It is evident from the foregoing that the Egginton company issued only “illustrative sheets”; no catalog, as such, was ever published by the company. Lucille Egginton, one of Walter E. Egginton’s daughters, worked for her father’s company for six years, beginning when she was only eight years old; this would have been in 1905. It was undoubtedly during her earliest years at the factory that Lucille became aware that the company’s cut glass was being photographed in Corning on a more or less routine basis. When she recounted this experience more than 65 years later, in 1972 (Kohut 2006), she believed that the photographs were taken for “yearly catalogs” when, in actual fact, their use seems to have been limited to an open-ended collection — such as the one acquired by Pearson — and “cuts” that were used in ads that were submitted to various trade journals. The company’s advertising campaign began in 1904 and was fairly active until early in 1907. The trade journals used included KEYSTONE, AMERICAN POTTERY GAZETTE, and CHINA, GLASS & POTTERY REVIEW. Some ads were quite large and must have been a considerable expense for the company. This probably explains why advertising became more restricted early in 1907 and then ceased entirely. The company had found it advisable to economize.

Although advertising began again in 1916, it continued for only a brief time before the company was forced to close in 1918. The ads during this late period show glass cut and engraved in the realistic style that had become increasingly popular after c1910. Economy was emphasized. Patterns illustrated in the ads during this “last hurrah” include Alpha, Trilby, Orion, Orchid, and Melba. (Smith and Smith 2003, vol. 2). Interest in these patterns is usually limited to “completist” collectors of Egginton cut glass.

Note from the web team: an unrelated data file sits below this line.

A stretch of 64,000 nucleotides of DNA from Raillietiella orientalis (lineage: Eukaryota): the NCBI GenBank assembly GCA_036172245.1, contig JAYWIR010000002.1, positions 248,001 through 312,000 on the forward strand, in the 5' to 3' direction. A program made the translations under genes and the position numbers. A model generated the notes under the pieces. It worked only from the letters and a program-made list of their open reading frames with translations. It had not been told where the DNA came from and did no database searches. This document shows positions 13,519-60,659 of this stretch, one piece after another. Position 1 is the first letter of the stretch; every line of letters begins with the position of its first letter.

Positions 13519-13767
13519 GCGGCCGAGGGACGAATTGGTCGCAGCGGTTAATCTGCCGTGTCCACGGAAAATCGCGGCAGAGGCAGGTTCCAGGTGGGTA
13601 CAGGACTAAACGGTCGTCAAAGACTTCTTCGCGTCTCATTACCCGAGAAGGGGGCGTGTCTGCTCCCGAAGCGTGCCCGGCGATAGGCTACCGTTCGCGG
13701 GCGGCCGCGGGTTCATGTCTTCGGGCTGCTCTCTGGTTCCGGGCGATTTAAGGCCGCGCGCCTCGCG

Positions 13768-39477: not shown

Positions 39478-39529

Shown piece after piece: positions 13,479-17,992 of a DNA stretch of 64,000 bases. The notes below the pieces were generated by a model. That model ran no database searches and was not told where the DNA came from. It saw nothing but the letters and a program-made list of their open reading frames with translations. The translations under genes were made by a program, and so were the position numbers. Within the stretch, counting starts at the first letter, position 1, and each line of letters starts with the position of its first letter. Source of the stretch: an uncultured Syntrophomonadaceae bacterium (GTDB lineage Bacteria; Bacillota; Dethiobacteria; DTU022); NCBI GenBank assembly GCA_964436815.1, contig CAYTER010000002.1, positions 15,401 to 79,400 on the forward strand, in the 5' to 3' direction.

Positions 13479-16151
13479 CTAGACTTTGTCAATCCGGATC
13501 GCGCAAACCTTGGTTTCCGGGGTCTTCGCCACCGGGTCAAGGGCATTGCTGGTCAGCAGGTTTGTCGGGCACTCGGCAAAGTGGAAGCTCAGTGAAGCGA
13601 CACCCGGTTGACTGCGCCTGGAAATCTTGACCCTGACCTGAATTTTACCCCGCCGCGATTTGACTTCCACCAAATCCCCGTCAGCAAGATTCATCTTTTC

It is suggested that the date of Pearson’s “catalogue,” circa 1910, be changed to c1904-c1906, based on the Egginton advertisements that are now available (Smith and Smith 2003, vol. 2) and taking into account newly discovered information about the company.

2. Errors in Pearson’s Egginton “Catalogue.”

Unfortunately the pattern index prepared by Pearson contains a number of errors (omissions, misspellings, etc.). For example, several items illustrated in the body of the compilation are not included in Pearson’s pattern index. They are Arabian No. 2, Genoa No. 2, Miller’s Rock, Prism – Special, No. 2, and Touraine. These patterns are included in the following list, resulting in a total of 54 illustrated cut-glass patterns, most of which are cut in the rich-cut (brilliant-period) style:

Antique, Arabian, Arabian No. 2, Arion, Atlas, Berkshire, C, Cambria, Carnival, Castillion, Cluster, Corinthian, Creswick, Dryden, Filigree, Geneva, Genoa No. 2, Glenville, Gloria, Gothic, Grapes, Granada, Iroquois, Lemons, Lotus, Marquise, Marsailles, Miller’s Rock, Narcissus, Nelson, No. 2, No. 20, Odd, Orient, Orleans, Pillar, Prism, Prism-Special, Roman, Sherwood, Spartan No. 2, Special, Spider Web, Steuben, Strathmore, Straw[berry] Diamond, Tokio, Touraine, Vendix, Vendome, Victoria, Vienna, Virginia, and Yorke.

Note that this list contains neither the Genoa (No. 1) nor the Spartan (No. 1) patterns, patterns that must have been produced at an early date, and that the Sherwood pattern was advertised, apparently only briefly, as Apple Blossom (in the Oct 1904 issue of KEYSTONE).

3. Additional Egginton pattern-names courtesy of Lucille Egginton.

A number of additional patterns are listed in the discussions published by Spillman in 1979, 1997, and 1996. Spillman’s 1979 account carries the reference: “Most of the information in this chapter is taken from interviews with Susan Egginton Altonen and Lucille Egginton of Corning, July 1974, both daughters of Walter Egginton.” (Spillman 1979, p. 328). In the revised edition of this book (1997) this reference is repeated (Spillman 1997, p. 328) and no additional citations are provided although Spillman mentions that she interviewed Lucille Egginton in 1977 and 1978. There are no records or transcripts of these interviews, nor of the previously- mentioned interview of July 1974, in the collections of the Rakow Research Library.